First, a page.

The anode of a microbial fuel cell (MFC) was formed on a graphite electrode and immobilized Gluconobacter oxydans VKM-1280 bacterial cells. Immobilization was performed in chitosan, poly(vinyl alcohol) or N-vinylpyrrolidone-modified poly(vinyl alcohol). Ethanol was used as substrate. The anode was modified using multiwalled carbon nanotubes. The aim of the modification was to create a conductive network between cell lipid membranes, containing exposed pyrroloquinoline quinone (PQQ)-dependent alcoholdehydrogenases, and the electrode to facilitate electron transfer in the system. The bioelectrochemical characteristics of modified anodes at various cell/polymer ratios were assessed via current density, power density, polarization curves and impedance spectres. Microbial fuel cells based on chitosan at a matrix/cell volume ratio of 5:1 produced maximal power characteristics of the system (8.3 μW/cm2) at a minimal resistance (1111 Ohm cm2). Modification of the anode by multiwalled carbon nanotubes (MWCNT) led to a slight decrease of internal resistance (down to 1078 Ohm cm2) and to an increase of generated power density up to 10.6 μW/cm2. We explored the possibility of accumulating electric energy from an MFC on a 6800-μF capacitor via a boost converter. Generated voltage was increased from 0.3 V up to 3.2 V. Accumulated energy was used to power a Clark-type biosensor and a Bluetooth transmitter with three sensors, a miniature electric motor and a light-emitting diode. Full article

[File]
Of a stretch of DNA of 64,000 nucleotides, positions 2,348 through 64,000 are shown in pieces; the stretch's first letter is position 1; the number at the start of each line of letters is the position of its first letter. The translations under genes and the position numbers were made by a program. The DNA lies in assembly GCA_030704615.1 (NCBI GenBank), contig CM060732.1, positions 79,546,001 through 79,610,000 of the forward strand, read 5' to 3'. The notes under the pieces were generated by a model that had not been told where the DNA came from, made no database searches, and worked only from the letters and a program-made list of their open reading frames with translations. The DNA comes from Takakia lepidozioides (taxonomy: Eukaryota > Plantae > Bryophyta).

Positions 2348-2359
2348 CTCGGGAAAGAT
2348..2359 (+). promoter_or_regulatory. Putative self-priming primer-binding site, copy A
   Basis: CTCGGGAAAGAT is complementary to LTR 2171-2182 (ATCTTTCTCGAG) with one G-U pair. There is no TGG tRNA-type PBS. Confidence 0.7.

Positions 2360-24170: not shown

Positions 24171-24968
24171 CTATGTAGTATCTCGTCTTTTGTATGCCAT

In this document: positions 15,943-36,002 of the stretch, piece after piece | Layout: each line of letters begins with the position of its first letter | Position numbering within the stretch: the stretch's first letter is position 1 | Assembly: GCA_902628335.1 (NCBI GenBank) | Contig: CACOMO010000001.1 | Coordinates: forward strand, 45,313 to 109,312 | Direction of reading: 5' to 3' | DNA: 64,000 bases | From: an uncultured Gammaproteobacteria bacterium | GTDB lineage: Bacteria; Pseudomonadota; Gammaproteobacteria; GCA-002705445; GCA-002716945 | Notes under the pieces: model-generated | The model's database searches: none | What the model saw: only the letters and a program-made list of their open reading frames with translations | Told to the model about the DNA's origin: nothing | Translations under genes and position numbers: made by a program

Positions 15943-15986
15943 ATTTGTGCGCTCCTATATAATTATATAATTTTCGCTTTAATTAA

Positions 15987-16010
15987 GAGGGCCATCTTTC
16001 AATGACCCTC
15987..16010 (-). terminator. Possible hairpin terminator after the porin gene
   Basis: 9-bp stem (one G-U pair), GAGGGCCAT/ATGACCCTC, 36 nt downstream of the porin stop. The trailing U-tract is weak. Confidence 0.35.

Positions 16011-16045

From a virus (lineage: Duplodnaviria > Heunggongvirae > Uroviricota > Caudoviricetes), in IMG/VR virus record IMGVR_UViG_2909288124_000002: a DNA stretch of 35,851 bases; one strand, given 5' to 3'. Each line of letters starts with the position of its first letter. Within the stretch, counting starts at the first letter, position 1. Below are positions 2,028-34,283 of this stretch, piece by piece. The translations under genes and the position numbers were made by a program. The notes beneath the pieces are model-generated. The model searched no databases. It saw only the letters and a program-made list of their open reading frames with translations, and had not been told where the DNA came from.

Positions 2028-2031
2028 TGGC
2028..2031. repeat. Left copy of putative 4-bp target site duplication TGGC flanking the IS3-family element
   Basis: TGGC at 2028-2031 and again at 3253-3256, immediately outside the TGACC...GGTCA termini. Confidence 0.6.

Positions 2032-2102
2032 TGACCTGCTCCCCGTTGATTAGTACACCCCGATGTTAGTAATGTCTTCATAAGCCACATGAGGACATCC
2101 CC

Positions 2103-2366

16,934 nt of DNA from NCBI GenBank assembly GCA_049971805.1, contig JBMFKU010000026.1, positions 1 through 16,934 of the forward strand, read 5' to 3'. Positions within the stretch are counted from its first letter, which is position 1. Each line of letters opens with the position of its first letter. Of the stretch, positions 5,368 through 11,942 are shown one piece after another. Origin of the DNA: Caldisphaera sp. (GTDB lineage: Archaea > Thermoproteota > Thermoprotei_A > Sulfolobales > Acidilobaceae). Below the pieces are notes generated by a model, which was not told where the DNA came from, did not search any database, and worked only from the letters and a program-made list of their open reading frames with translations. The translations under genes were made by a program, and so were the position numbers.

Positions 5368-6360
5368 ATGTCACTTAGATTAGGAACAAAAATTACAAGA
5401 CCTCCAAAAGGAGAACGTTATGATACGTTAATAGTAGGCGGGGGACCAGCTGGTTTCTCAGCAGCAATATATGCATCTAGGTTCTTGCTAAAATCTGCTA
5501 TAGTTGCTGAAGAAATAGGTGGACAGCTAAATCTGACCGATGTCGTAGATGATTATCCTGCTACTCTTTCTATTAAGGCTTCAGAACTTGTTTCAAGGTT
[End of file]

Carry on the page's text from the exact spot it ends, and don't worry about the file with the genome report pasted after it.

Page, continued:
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Review

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Open AccessReview The Application of Lipid Membranes in Biosensing
Membranes 2018, 8(4), 108; https://doi.org/10.3390/membranes8040108
Received: 8 October 2018 / Revised: 1 November 2018 / Accepted: 12 November 2018 / Published: 14 November 2018